10-year-old Harisa and her family have travelled for more than 20 days to get from Myanmar to Bangladesh. She arrived in late August 2017, and is now living in the camps with her mother and five siblings.
Her home back in Myanmar was near the main road. The military burnt it down with launchers in the middle of the night. Her youngest brother, barely two years old, was killed in the fire.
The military were firing shots randomly at everyone in the village. Harisa’s family had to flee immediately, unable to recover the infant’s body. A shot fired at her mother, leaving her arm severely wounded. Her father wrapped her arm with a cloth, but she grew weaker and number with pain. They kept running still, in fear of being caught and tortured.
Harisa and her family jumped into a river, swam across and entered the forest. They stayed in the forest for over two weeks. She does not remember the exact number of days since it was so dark and quiet. She could only hear children crying. Hungry and tired, they ate plants, leaves and whatever they could find.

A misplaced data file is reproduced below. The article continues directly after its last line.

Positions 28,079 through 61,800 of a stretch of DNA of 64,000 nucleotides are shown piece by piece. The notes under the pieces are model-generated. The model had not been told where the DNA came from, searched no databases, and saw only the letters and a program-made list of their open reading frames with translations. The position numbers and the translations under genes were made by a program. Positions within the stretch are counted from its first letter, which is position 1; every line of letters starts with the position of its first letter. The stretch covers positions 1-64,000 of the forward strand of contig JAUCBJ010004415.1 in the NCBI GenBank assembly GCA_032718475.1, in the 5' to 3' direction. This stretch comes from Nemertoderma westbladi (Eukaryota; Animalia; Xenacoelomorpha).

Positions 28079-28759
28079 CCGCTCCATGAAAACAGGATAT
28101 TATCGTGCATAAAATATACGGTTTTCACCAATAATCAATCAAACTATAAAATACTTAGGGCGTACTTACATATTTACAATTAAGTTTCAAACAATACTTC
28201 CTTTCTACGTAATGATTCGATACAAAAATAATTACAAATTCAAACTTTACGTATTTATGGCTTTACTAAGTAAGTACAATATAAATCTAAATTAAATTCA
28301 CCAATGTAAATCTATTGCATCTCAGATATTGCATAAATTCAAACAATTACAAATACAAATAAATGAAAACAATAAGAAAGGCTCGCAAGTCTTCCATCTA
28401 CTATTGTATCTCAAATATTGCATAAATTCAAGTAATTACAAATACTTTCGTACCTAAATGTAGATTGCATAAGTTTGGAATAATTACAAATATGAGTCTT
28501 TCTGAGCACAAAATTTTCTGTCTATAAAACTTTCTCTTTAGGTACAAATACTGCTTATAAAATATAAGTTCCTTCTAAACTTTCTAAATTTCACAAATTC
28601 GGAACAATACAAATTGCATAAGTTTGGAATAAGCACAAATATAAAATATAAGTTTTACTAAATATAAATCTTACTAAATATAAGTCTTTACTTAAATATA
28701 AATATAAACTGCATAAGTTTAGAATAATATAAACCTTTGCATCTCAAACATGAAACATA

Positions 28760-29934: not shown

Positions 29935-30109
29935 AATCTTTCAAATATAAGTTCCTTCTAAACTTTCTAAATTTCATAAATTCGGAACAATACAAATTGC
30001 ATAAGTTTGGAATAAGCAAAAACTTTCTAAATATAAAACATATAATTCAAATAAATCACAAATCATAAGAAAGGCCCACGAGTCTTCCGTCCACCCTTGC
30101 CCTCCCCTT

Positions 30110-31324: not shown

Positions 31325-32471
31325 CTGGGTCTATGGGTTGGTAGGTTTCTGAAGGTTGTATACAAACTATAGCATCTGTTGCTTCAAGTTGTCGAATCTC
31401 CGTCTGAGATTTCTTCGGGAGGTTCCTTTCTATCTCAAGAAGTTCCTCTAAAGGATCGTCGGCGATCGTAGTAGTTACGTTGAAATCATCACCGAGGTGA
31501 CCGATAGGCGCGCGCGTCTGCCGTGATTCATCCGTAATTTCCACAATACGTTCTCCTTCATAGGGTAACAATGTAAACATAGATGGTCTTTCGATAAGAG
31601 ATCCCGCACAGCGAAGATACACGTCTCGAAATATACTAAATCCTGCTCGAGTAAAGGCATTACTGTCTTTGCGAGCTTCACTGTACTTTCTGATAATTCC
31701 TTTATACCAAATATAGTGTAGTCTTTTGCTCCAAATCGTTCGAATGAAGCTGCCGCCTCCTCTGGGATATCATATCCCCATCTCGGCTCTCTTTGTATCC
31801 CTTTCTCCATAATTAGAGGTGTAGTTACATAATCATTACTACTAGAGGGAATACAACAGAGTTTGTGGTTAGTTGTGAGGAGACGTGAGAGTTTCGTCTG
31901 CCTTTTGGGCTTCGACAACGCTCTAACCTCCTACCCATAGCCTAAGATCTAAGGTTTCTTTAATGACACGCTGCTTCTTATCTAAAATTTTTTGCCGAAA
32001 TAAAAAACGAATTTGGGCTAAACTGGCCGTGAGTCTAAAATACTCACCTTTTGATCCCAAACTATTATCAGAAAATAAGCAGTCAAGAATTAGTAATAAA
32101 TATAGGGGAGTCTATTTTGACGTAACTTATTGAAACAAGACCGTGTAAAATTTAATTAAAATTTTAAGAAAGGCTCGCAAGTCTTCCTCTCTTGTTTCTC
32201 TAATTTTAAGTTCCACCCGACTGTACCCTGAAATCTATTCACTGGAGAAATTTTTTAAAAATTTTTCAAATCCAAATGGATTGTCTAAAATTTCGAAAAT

After several days, it was finally safe to leave. The military had left, so they ran to a nearby village. There were burnt houses and dead bodies everywhere – shot, slaughtered, tortured and burnt. Harisa’s father cried out at the sight of the bodies, praying for peace and forgiveness.
The military heard her father’s cries and returned to the village. They tied him up and killed him as his family watched from behind the trees, waiting to retrieve his body once it was safe.
However, they did not leave. Instead they sent hunting dogs which attacked and ate her father’s dead body in front of them. The dogs soon began to chase them. They ran, eventually finding safety by climbing up and hiding in trees.
Desperate and traumatised, her family followed other Rohingya families who were making their way to Bangladesh.
At the border, someone from the military found them out and asked why they were escaping. Some of the men answered:
“You are torturing us and we cannot live like this”.
They were instantly shot and killed.
Harisa and her remaining family were allowed to cross the border, but were robbed of all their money and valuables.
In Bangladesh, they lived on the road under the sweltering heat for five days. Some locals gave them dry food, bananas, rice and eggs. On the fifth day, someone graciously gave them some money.
They bought bus tickets and started towards the camps. They had heard that the other Rohingya families from their villages were living there .
“I am happy to be here,” says Harisa, “My family is now safe. I like that I can study here, and play with other children in the child-friendly spaces.”
“But at nights, sometime I cannot sleep. I think about Myanmar. I see dreams of my little brother and I miss my father.”
We are running 215 child-friendly spaces in Cox’s Bazar, providing children with safe spaces to learn, sing, and play, and receive psychosocial support from trained counsellors.